The Spirit of Cricket occupied centre-stage at the Champions Trophy once again, and after sparing Paul Collingwood, who had been declared run out after wandering out of his crease, Daniel Vettori said it was an easy decision to make.
Andrew Strauss had made a similar decision in England's opening match against Sri Lanka by recalling Angelo Mathews, who had been stranded after a mid-pitch collision with Graham Onions, and Strauss praised Vettori's decision, which he described as the right one.
Vettori's gesture was more significant for two reasons. There was no case of obstruction in this instance, and Collingwood had no one to blame but himself for venturing out his crease. Secondly, it was a do-or-die match for New Zealand.
"It was a tough decision to make as a captain when your future in the tournament is on the line," Strauss said. "New Zealand were well within their rights to appeal. Obviously Colly was not going for a run, but he was hasty in leaving the crease."
It was an ironic turn of events since Collingwood was captaining England when New Zealand's Grant Elliott had been run out after a mid-pitch collision with Ryan Sidebottom at The Oval last year. The umpires were obliged to rule him out, but Collingwood's refusal to withdraw the appeal had infuriated Vettori and invited widespread criticism from the media.
The incident took place in the 11th over with England struggling at 27 for 3 on a bouncy pitch at the Wanderers. Collingwood had just survived a snorter from Kyle Mills, which flew off a length and whizzed past the batsman's nose on its way to Brendon McCullum.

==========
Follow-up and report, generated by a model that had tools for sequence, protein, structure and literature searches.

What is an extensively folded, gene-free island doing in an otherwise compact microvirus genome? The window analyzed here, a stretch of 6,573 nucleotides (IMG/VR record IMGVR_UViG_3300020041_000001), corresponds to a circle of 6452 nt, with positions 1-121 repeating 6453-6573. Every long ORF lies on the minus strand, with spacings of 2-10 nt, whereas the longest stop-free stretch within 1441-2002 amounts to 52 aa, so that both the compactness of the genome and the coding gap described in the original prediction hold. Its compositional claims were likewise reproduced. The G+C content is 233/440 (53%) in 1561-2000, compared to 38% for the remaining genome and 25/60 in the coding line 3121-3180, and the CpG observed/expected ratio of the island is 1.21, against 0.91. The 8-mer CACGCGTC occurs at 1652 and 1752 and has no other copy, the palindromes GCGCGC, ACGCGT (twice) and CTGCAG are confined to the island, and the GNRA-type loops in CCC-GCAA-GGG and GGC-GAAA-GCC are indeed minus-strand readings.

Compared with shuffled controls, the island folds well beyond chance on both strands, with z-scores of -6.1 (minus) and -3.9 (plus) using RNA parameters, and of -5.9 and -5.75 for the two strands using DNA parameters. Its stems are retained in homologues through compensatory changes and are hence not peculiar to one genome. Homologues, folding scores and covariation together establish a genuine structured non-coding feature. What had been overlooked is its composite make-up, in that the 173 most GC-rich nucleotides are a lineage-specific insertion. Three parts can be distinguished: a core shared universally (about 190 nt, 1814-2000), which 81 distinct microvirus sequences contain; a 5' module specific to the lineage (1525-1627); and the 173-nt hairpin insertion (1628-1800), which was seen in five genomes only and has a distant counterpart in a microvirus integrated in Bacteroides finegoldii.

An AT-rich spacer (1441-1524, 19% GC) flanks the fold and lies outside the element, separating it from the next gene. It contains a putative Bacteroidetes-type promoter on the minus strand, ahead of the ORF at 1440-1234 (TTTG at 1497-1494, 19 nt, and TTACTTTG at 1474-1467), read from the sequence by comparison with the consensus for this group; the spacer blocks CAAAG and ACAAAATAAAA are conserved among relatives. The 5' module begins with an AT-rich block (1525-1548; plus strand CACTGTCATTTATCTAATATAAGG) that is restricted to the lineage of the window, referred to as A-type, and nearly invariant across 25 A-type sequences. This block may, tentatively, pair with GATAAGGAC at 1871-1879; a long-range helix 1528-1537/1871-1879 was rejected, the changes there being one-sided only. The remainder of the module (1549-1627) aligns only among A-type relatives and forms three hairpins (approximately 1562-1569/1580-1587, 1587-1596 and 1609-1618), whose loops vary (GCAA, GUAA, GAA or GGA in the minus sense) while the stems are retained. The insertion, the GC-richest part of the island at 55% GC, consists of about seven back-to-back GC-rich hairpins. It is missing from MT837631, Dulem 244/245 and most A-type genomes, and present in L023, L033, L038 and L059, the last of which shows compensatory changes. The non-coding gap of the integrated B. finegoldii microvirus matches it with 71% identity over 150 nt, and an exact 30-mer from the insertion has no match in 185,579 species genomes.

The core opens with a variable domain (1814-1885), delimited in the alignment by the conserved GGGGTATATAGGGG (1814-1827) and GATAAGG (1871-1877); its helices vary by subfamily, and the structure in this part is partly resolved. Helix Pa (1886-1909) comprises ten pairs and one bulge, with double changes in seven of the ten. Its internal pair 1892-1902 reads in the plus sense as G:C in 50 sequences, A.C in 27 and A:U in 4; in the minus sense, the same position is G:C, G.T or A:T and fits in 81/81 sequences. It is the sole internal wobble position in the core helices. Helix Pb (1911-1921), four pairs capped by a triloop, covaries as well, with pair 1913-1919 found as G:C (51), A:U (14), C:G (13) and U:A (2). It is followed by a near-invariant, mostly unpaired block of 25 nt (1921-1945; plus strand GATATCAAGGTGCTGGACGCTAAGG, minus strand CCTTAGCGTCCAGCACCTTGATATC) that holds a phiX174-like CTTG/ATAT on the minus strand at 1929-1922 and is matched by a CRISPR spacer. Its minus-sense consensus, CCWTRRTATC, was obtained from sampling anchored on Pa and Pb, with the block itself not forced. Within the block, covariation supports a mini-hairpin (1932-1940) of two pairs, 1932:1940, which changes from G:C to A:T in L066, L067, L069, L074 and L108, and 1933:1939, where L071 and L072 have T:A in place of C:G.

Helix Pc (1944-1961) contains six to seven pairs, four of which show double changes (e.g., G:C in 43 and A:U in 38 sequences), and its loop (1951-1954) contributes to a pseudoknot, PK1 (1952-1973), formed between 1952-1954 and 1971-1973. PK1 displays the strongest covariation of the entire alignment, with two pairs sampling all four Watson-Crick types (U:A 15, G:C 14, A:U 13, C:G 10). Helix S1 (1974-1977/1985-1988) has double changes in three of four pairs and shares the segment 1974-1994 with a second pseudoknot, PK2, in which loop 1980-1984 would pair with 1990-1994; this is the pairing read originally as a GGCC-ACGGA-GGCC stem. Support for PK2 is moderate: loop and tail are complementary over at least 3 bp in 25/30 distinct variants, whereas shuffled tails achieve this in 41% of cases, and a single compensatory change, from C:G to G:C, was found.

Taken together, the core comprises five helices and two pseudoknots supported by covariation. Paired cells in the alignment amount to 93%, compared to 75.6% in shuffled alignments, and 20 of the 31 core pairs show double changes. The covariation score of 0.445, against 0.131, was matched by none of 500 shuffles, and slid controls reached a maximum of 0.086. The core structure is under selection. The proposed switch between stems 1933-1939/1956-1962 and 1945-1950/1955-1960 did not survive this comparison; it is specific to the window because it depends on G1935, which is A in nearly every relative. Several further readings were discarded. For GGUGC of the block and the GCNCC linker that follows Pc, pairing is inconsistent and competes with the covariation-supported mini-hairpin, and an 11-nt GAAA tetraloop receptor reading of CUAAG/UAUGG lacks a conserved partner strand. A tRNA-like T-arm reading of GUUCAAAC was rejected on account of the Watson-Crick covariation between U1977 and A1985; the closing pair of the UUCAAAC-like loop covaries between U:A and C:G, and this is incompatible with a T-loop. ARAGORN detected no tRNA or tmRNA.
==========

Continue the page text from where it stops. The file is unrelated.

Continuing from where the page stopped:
It was the last ball of the over and Collingwood, taking it for granted that over had been called, had begun walking down the pitch. McCullum, always alert to such situations, under-armed the ball in a flash and the New Zealanders appealed.
Asad Rauf, the square-leg umpire, was already walking in and looking down, so he referred the decision to Aleem Dar, his colleague in the box. Confusion reigned as the umpire at the bowler's end, Daryl Harper, put his arm around Rauf's shoulders and took him away for a chat.
"It was one of those situations when we had a little time to think about it," Vettori said. "When it went to the third umpire, I deliberated with my team-mates, and the umpires. It was obvious that there was no intention of a run, Colly had wandered down the pitch, and it was a lot easier to call him back and get on with the game.
"According to the laws of the game, it was probably out, but of late we have discussed a lot about the spirit of the game."
Both the captains were of the opinion that Spirit of Cricket was becoming an issue cricketers were concerned with. "It's catching on,'' Strauss said.
"I think no one wants to come to a press conference and answer those tough questions," Vettori said, in jest at first. Turning serious, he added: "I think it is in the forefront on the lot of people's mind."
But Strauss found himself fronting up to questions about the spirit of the game after a visibly cramping Graeme Smith was disallowed a runner at SuperSport Park during his valiant 141. As it turned out, Strauss shouldn't have had to defend himself because the matter had been long taken out of the fielding captain's hands, and the call had been made by the umpires on the field.
In another all-too-similar incident back in December 2006, a Muttiah Muralitharan dismissal during the first Test between New Zealand and Sri Lanka at Christchurch was also the subject of controversy.
Kumar Sangakkara had whipped a Shane Bond delivery down to fine leg for a single to bring up his century. Murali having touched down at the striker's end, turned around and left his crease to congratulate Sangakkara. McCullum was quick to whip off the bails as the throw came in, to run out Murali.